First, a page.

Supreme Court Holds That A Corporation’s Life Insurance Proceeds Used To Redeem A Decedent’s Shares Must Be Included In Federal Estate Tax Calculation

June 6, 2024

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Connelly v. United States, No. 23-146 – Decided June 6, 2024

Today, the Supreme Court unanimously held that the proceeds from a life insurance policy taken out by a corporation to redeem a decedent shareholder’s stock are a corporate asset for federal estate tax purposes.

“An obligation to redeem shares at fair market value does not offset the value of life-insurance proceeds set aside for the redemption because a share redemption at fair market value does not affect any shareholder’s economic interest.”

Justice Thomas, writing for the Court


Michael and Thomas Connelly were the sole shareholders of a closely held building supply business valued at just under $4 million. The brothers entered an agreement obligating the corporation to redeem the shares of the first brother to die if the surviving brother declined to purchase them. The corporation then obtained a life-insurance policy on each brother to fund that stock redemption. This is a common practice in family businesses to prevent a decedent’s heirs form selling shares to outsiders.

When Michael Connelly died, the corporation used the life insurance proceeds to redeem his shares for $3 million. Michael’s estate did not treat the life-insurance proceeds as a net corporate asset because those proceeds were purportedly offset by a corresponding liability to purchase Michael’s shares, and it therefore paid estate taxes based on the corporation’s previous valuation of just under $4 million. The IRS concluded that the $3 million in life insurance proceeds were not offset by the corporation’s obligation to redeem Michael’s shares, such that the corporation was worth just under $7 million. The IRS sent a notice of deficiency to the estate, which paid the deficiency under protest.

The district court granted summary judgment for the IRS and the Eighth Circuit affirmed, holding that the life insurance proceeds were a net asset that increased the corporation’s value.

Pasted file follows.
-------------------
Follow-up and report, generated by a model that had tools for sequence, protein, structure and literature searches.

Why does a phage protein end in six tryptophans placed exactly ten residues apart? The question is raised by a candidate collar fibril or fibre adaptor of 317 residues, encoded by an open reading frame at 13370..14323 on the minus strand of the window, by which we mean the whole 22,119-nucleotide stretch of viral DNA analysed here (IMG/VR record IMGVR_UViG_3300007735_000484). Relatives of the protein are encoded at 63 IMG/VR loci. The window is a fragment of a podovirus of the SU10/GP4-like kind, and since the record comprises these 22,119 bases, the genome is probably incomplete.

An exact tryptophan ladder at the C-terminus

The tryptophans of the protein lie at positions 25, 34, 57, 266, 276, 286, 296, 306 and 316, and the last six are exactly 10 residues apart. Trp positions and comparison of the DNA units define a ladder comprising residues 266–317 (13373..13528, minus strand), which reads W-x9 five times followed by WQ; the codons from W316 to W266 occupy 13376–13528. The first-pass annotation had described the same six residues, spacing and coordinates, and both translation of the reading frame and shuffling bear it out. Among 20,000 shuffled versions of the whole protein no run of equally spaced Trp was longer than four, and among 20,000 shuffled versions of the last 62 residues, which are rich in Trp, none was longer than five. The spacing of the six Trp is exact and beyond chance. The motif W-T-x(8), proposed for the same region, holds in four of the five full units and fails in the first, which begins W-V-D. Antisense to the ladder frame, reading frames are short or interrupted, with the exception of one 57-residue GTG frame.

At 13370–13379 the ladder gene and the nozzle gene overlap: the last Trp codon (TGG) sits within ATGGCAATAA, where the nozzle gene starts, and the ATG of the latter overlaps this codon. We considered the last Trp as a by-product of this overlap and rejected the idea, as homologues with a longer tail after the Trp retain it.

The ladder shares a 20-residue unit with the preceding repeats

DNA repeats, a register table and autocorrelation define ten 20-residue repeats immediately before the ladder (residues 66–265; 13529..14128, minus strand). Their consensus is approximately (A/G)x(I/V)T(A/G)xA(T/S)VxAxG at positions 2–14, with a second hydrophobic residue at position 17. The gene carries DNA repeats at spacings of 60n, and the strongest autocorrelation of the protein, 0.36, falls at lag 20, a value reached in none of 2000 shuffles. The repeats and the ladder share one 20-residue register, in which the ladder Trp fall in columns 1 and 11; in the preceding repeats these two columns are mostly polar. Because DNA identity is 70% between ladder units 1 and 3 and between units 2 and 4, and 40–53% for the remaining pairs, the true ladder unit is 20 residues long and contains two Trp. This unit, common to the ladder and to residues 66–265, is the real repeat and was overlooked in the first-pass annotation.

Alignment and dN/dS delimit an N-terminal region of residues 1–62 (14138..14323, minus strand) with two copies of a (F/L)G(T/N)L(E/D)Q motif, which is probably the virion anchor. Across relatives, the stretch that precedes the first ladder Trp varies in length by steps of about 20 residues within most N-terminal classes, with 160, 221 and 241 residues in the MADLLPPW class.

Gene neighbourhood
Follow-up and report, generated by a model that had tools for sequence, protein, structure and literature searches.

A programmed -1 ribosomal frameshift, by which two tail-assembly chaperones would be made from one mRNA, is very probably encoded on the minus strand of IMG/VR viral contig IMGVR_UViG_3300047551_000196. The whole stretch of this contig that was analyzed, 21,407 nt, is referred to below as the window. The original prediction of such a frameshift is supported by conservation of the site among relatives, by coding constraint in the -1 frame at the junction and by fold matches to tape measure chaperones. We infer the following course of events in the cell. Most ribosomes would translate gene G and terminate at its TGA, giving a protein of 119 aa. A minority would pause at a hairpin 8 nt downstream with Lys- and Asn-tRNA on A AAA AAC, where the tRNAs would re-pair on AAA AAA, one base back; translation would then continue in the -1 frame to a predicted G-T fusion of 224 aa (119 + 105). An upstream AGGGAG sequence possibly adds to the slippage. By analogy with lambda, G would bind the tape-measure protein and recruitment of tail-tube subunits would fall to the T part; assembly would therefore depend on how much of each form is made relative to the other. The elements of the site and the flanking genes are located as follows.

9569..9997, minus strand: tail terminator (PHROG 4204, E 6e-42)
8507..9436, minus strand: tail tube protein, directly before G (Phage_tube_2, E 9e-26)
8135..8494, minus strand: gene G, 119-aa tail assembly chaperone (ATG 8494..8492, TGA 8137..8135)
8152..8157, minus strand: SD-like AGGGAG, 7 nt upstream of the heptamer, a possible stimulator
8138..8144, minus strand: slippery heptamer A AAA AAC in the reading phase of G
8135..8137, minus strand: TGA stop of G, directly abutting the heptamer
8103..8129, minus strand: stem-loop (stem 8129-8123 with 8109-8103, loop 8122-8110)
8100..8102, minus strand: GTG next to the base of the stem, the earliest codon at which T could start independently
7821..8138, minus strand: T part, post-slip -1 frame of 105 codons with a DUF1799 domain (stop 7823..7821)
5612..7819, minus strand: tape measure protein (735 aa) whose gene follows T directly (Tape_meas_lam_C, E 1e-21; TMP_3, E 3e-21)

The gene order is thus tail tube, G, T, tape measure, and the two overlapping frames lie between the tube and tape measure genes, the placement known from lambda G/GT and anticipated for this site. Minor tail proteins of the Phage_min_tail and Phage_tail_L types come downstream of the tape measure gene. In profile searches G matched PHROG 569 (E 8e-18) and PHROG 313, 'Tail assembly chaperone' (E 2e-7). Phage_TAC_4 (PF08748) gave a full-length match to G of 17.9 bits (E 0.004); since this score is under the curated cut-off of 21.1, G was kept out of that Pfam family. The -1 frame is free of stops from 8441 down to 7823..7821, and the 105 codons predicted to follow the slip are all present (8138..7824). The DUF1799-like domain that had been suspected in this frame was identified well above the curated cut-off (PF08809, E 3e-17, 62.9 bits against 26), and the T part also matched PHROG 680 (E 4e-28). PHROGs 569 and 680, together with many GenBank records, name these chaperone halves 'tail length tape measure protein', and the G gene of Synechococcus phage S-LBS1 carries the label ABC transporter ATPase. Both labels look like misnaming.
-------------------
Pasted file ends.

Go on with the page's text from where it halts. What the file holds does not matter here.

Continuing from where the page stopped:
Are the proceeds of a life insurance policy taken out by a corporation on a shareholder to redeem the shareholder’s stock a corporate asset when calculating the value of a deceased shareholder’s shares for federal estate tax purposes?

Court’s Holding:

Yes. Life insurance proceeds are an asset that increases a company’s fair market value, and a redemption obligation is not necessarily a liability that offsets that asset.

What It Means:

  • Today’s decision focuses on the economic realities of the underlying transaction, explaining that “[b]ecause a fair-market-value redemption has no effect on any shareholder’s economic interest, no willing buyer purchasing Michael’s shares would have treated [the corporation’s] obligation to redeem Michael’s shares at fair market value as a factor that reduced the value of those shares.”
  • The decision confirms that the IRS may tax life insurance proceeds as a corporate asset, even if those proceeds will ultimately be used to redeem a decedent shareholder’s outstanding shares. Companies and estate planners should carefully review succession plans, including shareholder life insurance provisions and buy-sell agreements, with today’s decision in mind.
  • Today’s decision imposes potentially substantial costs on a common practice among closely held companies to ensure ownership remains within a family upon a shareholder’s death. The Court acknowledged that its decision “will make succession planning more difficult for closely held corporations.” The Court also identified “other options,” such as cross-purchase agreements, that are still available to accomplish the same purposes as the device employed here, but recognized those options pose drawbacks of their own.
  • The Court emphasized the narrowness of its decision, and specifically noted that it did “not hold that a redemption obligation can never decrease a corporation’s value,” and gave as an example a redemption obligation that “require[s] a corporation to liquidate operating assets to pay for the shares, thereby decreasing its future earning capacity.”

Gibson Dunn represented the Chamber of Commerce of the United States of America and National Federation of Independent Business Small Business Legal Center, Inc., as Amici Supporting Petitioner.

The Court’s opinion is available here.

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This alert was prepared by associate Zach Carstens.

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